Jim Kiick

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Jim Kiick
No. 21, 30
Running back / Halfback
Personal information
Date of birth: (1946-08-09) August 9, 1946 (age 66)
Place of birth: Lincoln Park, New Jersey
Height: 5 ft 11 in (1.80 m)Weight: 214 lb (97 kg)
Career information
High school: Boonton (NJ)
College: Wyoming
NFL Draft: 1968 / Round: 5 / Pick: 118
Debuted in 1968
Last played in 1977
Career history
Career highlights and awards
Career NFL statistics
Rushing Yards3,759
Average3.7
Touchdowns33
Stats at NFL.com
Stats at pro-football-reference.com
 
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Jim Kiick
No. 21, 30
Running back / Halfback
Personal information
Date of birth: (1946-08-09) August 9, 1946 (age 66)
Place of birth: Lincoln Park, New Jersey
Height: 5 ft 11 in (1.80 m)Weight: 214 lb (97 kg)
Career information
High school: Boonton (NJ)
College: Wyoming
NFL Draft: 1968 / Round: 5 / Pick: 118
Debuted in 1968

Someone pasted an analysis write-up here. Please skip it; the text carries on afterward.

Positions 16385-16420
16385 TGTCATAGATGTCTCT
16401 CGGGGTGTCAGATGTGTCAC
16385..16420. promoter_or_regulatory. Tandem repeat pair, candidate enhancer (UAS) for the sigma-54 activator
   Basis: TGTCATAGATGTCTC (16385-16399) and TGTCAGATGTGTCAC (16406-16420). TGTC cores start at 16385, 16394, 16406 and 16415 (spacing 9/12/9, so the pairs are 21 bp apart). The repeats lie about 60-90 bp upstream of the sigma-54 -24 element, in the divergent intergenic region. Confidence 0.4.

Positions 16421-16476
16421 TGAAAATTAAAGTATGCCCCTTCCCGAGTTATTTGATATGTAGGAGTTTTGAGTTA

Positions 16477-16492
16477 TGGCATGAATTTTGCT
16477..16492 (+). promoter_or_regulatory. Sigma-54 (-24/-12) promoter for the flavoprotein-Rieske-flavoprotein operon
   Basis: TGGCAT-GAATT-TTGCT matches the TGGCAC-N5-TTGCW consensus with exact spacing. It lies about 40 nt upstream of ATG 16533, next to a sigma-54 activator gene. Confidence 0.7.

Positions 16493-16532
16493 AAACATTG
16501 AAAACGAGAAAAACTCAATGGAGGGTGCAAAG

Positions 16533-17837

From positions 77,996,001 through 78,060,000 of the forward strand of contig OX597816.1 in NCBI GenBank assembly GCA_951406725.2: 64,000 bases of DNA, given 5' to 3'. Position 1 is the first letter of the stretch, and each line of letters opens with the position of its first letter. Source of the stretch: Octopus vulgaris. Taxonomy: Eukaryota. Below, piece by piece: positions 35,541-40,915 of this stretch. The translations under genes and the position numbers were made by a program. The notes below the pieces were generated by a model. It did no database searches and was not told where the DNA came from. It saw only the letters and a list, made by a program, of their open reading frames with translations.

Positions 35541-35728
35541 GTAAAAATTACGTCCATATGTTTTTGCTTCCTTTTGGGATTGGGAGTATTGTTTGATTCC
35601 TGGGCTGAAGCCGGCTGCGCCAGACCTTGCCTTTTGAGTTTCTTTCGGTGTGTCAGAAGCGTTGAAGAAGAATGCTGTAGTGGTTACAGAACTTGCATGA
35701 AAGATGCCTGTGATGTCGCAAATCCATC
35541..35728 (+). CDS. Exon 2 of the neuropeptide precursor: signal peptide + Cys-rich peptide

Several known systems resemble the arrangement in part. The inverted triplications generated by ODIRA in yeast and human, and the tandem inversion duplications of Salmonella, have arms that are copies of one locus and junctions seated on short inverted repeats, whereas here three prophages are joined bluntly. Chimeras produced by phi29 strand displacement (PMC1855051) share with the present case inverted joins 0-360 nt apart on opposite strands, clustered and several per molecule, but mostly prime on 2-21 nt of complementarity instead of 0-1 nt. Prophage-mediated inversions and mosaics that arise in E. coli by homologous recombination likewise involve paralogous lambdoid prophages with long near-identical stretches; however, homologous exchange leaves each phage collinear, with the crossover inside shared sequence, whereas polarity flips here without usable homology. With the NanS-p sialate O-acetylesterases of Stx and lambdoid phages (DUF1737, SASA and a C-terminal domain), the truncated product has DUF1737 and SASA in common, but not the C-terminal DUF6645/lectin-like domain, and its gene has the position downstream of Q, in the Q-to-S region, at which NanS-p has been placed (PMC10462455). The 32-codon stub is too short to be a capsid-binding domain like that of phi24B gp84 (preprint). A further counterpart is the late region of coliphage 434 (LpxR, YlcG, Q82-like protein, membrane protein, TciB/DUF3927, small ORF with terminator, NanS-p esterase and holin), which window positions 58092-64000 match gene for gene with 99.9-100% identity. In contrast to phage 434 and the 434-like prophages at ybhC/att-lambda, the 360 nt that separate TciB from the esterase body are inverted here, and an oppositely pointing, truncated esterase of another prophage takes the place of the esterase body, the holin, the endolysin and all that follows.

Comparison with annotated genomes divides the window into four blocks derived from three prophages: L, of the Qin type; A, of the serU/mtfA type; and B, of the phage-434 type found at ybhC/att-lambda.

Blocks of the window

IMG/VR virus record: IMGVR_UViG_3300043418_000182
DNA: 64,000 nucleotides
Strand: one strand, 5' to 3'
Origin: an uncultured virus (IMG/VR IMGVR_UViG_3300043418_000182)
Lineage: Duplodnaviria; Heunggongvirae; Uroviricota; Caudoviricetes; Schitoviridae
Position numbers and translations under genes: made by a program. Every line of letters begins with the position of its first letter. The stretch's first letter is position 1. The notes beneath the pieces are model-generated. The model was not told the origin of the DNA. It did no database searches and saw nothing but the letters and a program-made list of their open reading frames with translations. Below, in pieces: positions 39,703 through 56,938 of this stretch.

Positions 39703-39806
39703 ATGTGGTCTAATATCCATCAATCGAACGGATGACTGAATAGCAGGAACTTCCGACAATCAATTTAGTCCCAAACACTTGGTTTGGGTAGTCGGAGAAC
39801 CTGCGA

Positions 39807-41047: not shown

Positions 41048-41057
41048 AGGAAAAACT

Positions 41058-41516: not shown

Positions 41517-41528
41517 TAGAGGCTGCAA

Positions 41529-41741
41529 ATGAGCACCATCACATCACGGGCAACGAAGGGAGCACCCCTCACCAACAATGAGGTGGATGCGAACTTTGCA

Last played in 1977
Career history
Career highlights and awards
Career NFL statistics
Rushing Yards3,759
Average3.7
Touchdowns33
Stats at NFL.com
Stats at pro-football-reference.com

James Forrest Kiick (born August 9, 1946) is a former professional football player, a running back for the Miami Dolphins in the American Football League (AFL) from 1968 to 1969 and in the National Football League (NFL) from 1970 through 1974. He was a member of the undefeated 1972 team, and was an integral part of the ball-control running game which characterized the Dolphins under head coach Don Shula in the early 1970s. Kiick played in three Super Bowls and is the Dolphins' fourth all-time leading rusher.[1] He and fullback Larry Csonka were known as "Butch Cassidy and the Sundance Kid," in 1973 co-wrote a book, Always on the Run. They shocked the sports world in 1974 when they signed with the World Football League.

Contents

Early life